MJ I’m glad you felt this way. Compared to some of the territories I was trying to write about, motherhood/artisthood felt fairly well traveled, which is to say I had already read and loved what other people had written about this (Rachel Cusk and Maggie Nelson come to mind). But then you figure it’s never enough, and you might as well throw your hat in the ring. The parts I feel best about have a consciousness that I’ll describe as “masculine,” sometimes even literally, like when the narrator compares herself to Buzz Aldrin returning from the moon.

The work we’re doing when we’re away from our kids is large-scale and important and consuming, but as a mother you are a good person if you understand that nothing is more important than your mothering. When Buzz Aldrin returns from the moon, they want a shot of him with his family, they might even dwell on these family images, because it goes without saying that his identity is really this monumental achievement that literally has nothing, zero, to do with his family. So it’s kind of thrilling, almost perverse in a sexy way, to see him being a dad.

Because I had the sense of writing for, almost with, other women, I could have my narrator move around with this Buzz Aldrin kind of consciousness inside her, a profound belief in her life’s work (which is stated right up front) as if there was no conflict or tension around this as a woman, a mother, in a patriarchy. Then, from this position (her interior position), all the awkwardness of the reality of life as a woman, all these transitions and identity shifts, would be at an accurate scale, which is to say a sort of constant crisis.


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I know we are all feeling very bad about this constant crisis, like what the fuck is wrong with us that we can’t get this figured out or not feel bad about it. But remember the tiny grain of sand. Remember when Jordi and the narrator talk about what would it look to stop performing sameness, to live according to the reality of our biology (and the emotional, mythic, spiritual world that comes with it)? I’m probably adding stuff because there’s only so smart these characters can be before it turns into a theory book (and lord knows I’m not a theorist). But what I was trying to show was the lived experience: it feels bad for a reason. We’re driving against the flow of traffic in this life, against our own flow, and this is what that feels like. And the moments that don’t feel like that are powerful and psychedelic, but we aren’t sure if we should trust them, if they are sturdy enough. My narrator ultimately does.

MO’R I was struck that work is a form of romance for this narrator. At one point, you write, “Working was a romance with life and like all romances always seemed on the verge of ending, was always out of my control.” Writing a book is a long and slow process of being alone at one’s desk. What drives you to do it and what is hardest about it for you?

MJ The other forms aren’t easier for me. Maybe they look more fun or more glamorous, but I have a lot more control in a novel. When I’m making a movie, I tell myself that it’s good not to have control because life itself is not under our control, is full of happy and unhappy accidents like the kind you discover in the editing room. In any case, writing is most native to me, maybe because I am the child of two writers who grew up in their publishing company. I feel at my best, my most capable, both craft-wise and in terms of the internal process—the devotion and discipline.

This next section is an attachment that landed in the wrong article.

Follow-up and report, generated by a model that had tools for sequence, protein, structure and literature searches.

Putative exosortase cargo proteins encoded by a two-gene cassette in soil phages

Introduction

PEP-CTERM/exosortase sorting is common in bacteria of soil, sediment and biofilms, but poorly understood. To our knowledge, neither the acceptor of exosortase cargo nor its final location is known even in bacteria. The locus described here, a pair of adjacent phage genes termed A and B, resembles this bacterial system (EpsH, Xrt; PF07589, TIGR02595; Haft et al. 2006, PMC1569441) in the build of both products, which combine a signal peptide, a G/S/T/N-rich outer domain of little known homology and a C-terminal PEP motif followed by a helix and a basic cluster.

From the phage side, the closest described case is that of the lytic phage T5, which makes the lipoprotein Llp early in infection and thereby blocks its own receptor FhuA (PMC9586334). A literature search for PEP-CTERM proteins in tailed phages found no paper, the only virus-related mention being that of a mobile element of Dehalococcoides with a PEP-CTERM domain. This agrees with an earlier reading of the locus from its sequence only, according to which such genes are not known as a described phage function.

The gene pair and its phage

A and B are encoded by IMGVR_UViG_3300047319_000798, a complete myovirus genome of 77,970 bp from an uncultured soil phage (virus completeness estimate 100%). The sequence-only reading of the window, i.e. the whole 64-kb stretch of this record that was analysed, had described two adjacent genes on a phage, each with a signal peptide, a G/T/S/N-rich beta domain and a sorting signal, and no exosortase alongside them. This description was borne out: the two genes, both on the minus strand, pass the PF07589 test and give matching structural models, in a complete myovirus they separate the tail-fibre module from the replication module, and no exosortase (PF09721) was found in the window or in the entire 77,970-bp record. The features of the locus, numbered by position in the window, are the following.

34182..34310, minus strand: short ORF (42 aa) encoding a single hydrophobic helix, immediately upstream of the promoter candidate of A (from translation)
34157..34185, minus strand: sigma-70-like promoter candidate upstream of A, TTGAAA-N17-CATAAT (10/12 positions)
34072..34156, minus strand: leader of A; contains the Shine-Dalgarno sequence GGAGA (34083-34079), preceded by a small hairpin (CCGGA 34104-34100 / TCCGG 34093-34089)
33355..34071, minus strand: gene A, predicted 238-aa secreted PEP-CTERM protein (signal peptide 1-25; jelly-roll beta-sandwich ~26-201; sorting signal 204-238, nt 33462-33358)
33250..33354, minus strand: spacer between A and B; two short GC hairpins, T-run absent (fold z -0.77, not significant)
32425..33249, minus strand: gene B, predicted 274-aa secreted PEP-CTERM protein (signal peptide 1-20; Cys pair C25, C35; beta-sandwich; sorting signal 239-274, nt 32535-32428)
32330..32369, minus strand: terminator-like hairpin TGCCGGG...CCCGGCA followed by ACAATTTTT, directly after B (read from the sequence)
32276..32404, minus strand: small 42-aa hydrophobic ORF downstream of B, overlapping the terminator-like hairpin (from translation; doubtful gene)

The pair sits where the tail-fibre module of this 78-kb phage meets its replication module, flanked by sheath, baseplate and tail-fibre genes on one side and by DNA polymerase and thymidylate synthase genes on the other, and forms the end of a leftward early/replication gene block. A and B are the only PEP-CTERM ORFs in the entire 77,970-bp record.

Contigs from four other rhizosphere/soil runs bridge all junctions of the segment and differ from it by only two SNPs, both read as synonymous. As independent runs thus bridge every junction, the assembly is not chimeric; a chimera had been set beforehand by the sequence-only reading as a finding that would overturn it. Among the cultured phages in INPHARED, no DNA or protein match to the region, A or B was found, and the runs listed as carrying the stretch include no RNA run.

With this book, I was driven by own deep confusion and distress about the way forward from this (hopefully) midpoint of my life. All I could think to do was to put more weight on things that felt good, even if they seemed flaky or insubstantial. Like dance. Like talking to other women. Maybe these things couldn’t be the bedrock of my life like my home with my husband was, but I felt honest and free doing these things, so maybe I had to follow them, like clues, to find a new bedrock. There were days with their many responsibilities and, often, enduring depression and anxiety. But anytime there was a flash of something mysterious or ecstatic, the book could hold that. The book became my main sense of myself, a mythology that was shaping me as I shaped it. And I know I’ve said this many times already, but I was not alone. I never had to look very far for reassurance. A mom at playdate. A stranger’s DM. The whisper network was strong on these subjects.

MO’R I have found it dissatisfying to have my poetry read too autobiographically—because even if sometimes a poem has an autobiographical origin, more often than not it doesn’t, or the personal interest is transformed into something externalized and strange and new by something alchemical that happens in the writing, where the personal problem becomes some other kind of problem, an art problem. Do you feel this novel is a work of autofiction, or do these kinds of labels simply not matter to you in the intimate, formal work of making a book?